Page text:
We are here! The end of the first week of the 66th legislative session. Friday the 18th marks the 5th day of the 105-day session that is set to end on April 28. This session is the first of the current biennium. Often called the long session (compared to the 65-day short session on even years), this is the time where the legislature welcomes new members and sets the budget for the upcoming biennium. However, for the Board, this session began just a little early and got a great leg up on advancing our legislative priorities!
A special thanks to Board Members and RWT students and teachers that actively participated in the second annual legislative hill climb. This was our biggest climb yet; we had 32 people on the capitol campus engaging directly with members and legislative stakeholders. These initial conversations are already proving fruitful as agency staff was able to follow up with specific members and gain support for our agency’s requested legislation and budget priorities.
The session kicked off with a number of festivities designed to welcome new members and set the stage for the remainder of the session. On Monday we saw the swearing in of new members and the opening ceremonies in both the Senate and the House. I always enjoy this ceremony and the vibrant and passionate energy that new members bring to the process, reflected in their first addresses to the chamber as sworn members of the legislature. On Tuesday, Governor Jay Inslee delivered his standing State of the State address, although there were specific security concerns raised by Lieutenant Governor Cyrus Habib. This illustrates that despite the excitement and fanfare, there are still some difficult and lingering issues to be addressed in the legislature.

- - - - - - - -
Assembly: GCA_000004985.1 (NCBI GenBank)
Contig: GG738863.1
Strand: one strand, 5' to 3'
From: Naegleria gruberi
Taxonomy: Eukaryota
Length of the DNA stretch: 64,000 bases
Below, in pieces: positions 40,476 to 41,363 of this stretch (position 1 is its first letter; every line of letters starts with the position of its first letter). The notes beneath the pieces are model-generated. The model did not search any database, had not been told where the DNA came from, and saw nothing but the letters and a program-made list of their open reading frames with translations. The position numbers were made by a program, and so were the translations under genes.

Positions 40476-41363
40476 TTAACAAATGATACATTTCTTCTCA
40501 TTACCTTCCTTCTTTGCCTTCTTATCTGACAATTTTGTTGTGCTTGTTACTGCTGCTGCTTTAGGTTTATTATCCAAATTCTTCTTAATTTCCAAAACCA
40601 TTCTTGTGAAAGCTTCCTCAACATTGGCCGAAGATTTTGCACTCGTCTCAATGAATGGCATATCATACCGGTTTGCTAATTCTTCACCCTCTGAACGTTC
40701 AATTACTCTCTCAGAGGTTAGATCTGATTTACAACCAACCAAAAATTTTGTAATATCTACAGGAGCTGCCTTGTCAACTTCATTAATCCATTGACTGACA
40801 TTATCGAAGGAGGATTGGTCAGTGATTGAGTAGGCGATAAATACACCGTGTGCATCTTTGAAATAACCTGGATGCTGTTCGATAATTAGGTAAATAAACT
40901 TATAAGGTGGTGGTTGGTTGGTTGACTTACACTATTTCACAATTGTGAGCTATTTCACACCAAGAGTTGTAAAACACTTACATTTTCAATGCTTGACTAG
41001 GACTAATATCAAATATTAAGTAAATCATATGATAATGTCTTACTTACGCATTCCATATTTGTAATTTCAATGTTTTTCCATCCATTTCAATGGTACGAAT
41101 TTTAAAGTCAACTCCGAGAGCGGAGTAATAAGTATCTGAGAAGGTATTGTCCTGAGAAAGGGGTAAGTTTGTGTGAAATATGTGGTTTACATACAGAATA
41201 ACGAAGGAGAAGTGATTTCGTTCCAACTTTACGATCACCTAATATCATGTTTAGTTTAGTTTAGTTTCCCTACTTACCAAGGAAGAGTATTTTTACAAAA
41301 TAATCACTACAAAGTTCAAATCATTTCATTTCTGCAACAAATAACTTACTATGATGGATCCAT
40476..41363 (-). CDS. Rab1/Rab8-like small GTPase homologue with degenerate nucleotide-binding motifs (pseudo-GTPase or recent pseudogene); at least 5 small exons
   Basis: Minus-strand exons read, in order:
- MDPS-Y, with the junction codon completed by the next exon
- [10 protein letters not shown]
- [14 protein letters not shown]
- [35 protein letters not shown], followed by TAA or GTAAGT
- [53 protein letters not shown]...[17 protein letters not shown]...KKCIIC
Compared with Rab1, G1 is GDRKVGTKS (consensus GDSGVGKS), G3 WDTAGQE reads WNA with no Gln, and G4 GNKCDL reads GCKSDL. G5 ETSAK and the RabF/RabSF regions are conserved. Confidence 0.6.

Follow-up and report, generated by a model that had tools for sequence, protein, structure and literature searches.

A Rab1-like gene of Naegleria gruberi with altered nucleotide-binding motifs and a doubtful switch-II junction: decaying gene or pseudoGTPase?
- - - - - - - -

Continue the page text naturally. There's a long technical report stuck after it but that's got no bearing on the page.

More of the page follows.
The first days of a long session are typically filled with work sessions (detailed and in-depth reviews of issues and policies), and this session is no different. There were some helpful and informative work sessions in both the House and Senate education committees. The House hosted an overview of Washington’s K12 system, as well as a review of the roles and responsibilities for K12 education. (Watch closely and you will see a great presentation from Alex.) The House committee finished its first week of business with an overview of education reform in Washington State. The Senate looked more closely at career connected learning and building multiple pathways in our state’s education system. As this week wraps up, agendas will likely include more public hearings on proposed bills. Soooo… stay tuned!
This week served our agency well in that staff were able to focus intently on our agency’s requested legislation regarding testing barriers. We made intentional and targeted efforts to further raise awareness among legislators regarding the need for this bill and asking for their sponsorship of the proposed bill. Every bill starts on a clipboard with a blank signature sheet. Members must directly and personally sign their support through a signature. Once that is wrapped up, the bill gets dropped in the “hopper” and begins the process of being given a bill number and assigned to a policy committee.
As always, if you have any questions about this update of the legislative process, send those along directly to email@example.com.